Greek life students at the University of Connecticut received email notification Wednesday that they will not be able to live in their assigned houses in Husky Village, just days before UConn’s scheduled move-in weekend.
The move affects 115 residential students along with six RAs, according to university spokeswoman Stephanie Reitz.
“Husky Village will be used as utility space for other students during the semester to reduce the risk of illness and enable greater quarantine capability in the event that it is needed,” the email read. “Organizational belongings will be stored in chapter rooms and these rooms will be locked so that belongings will not be accessible to others.”
The decision comes after UConn also decided to deny housing to out-of-state students taking only online classes earlier this week, a move that was met with frustration from prospective residents and their families.
Reitz said Husky Village will be used to quarantine residents coming from “hot spot” states for the quarantine period based on Connecticut’s travel advisory. After that, the spaces will be used for students who contract COVID-19 and need to be isolated.
“Husky Village will be used as a space where students who’ve been exposed to the virus will live during their individual self-quarantine periods,” Reitz said. “With several small buildings and relatively few rooms (eight or 15), the space in those buildings is among the most easily managed for this use, rather than trying to provide self-isolation areas in portions of larger buildings and trying to ensure the student populations in each portion remained separated.”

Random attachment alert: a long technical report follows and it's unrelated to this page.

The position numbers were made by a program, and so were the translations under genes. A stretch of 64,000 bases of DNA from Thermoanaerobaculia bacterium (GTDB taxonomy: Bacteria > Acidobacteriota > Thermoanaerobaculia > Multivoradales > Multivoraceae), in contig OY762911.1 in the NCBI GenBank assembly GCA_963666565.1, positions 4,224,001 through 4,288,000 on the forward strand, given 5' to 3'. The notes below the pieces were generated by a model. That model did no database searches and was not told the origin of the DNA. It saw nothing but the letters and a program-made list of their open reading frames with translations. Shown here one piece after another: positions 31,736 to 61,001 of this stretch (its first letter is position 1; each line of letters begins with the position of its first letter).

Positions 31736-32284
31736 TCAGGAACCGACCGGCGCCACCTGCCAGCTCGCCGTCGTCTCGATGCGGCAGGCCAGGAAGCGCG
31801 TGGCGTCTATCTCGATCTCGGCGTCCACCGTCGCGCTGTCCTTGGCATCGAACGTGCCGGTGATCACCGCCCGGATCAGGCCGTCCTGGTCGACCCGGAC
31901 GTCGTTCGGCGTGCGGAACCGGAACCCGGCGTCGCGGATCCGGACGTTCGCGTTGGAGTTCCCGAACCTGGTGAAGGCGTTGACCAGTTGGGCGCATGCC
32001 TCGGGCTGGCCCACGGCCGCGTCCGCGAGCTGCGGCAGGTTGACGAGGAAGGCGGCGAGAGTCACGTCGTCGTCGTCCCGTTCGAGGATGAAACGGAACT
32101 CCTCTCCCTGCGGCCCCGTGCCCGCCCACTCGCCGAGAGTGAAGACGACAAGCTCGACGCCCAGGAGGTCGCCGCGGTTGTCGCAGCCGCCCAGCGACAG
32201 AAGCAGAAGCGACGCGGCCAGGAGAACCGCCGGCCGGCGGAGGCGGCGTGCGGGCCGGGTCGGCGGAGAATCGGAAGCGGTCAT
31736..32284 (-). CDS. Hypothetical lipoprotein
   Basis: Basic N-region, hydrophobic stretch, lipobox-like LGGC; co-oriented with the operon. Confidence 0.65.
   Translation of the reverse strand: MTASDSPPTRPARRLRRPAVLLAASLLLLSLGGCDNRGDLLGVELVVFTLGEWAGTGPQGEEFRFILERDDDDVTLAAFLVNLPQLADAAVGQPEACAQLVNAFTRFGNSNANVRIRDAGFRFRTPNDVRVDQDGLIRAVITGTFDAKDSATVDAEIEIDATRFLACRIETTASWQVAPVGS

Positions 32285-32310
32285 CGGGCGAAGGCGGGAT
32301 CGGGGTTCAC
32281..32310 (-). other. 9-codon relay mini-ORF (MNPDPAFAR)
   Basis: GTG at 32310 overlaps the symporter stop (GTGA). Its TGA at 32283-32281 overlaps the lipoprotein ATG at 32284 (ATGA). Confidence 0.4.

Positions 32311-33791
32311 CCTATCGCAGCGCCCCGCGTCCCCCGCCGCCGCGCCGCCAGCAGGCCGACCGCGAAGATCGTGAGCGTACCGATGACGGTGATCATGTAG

Lindsay Chapman, an incoming sixth-semester sociology and psychology major and the president of the Alpha Chi Omega sorority at UConn, said she is disappointed in the university’s lack of a timely response and minimal communication on the national level.
“What is the most frustrating is that they’ve known since June that they would need a space to quarantine students who test positive so I don’t understand why they would wait to make the decision on what that space would be until now,” Chapman said. “Also, even though Husky Village is UConn housing, everything inside the house/remodeling/etc. comes from our national headquarters and they weren’t informed about it.”
The email stated that the new housing assignments will reflect each student’s preferred housing rate. Students affected will also need to log into MyHousing and sign up for a new arrival time ahead of this weekend.
Reitz said the decision to move students from their original assigned housing was not an easy one and does not reflect the university’s view of Greek life on campus.
“We really would have preferred not to do this, especially so close to the students’ move-in period, but there weren’t feasible alternative spaces that met the requirements we have to satisfy for health and safety,” Reitz said. “We also specifically want to assure members of fraternity and sorority life at UConn that this isn’t meant in any way to indicate a lack of respect for their organizations, which we value very much as a critical part of UConn’s campus life and institutional personality.”
Taylor Harton is the associate news editor for The Daily Campus. She can be reached by email at email@example.com.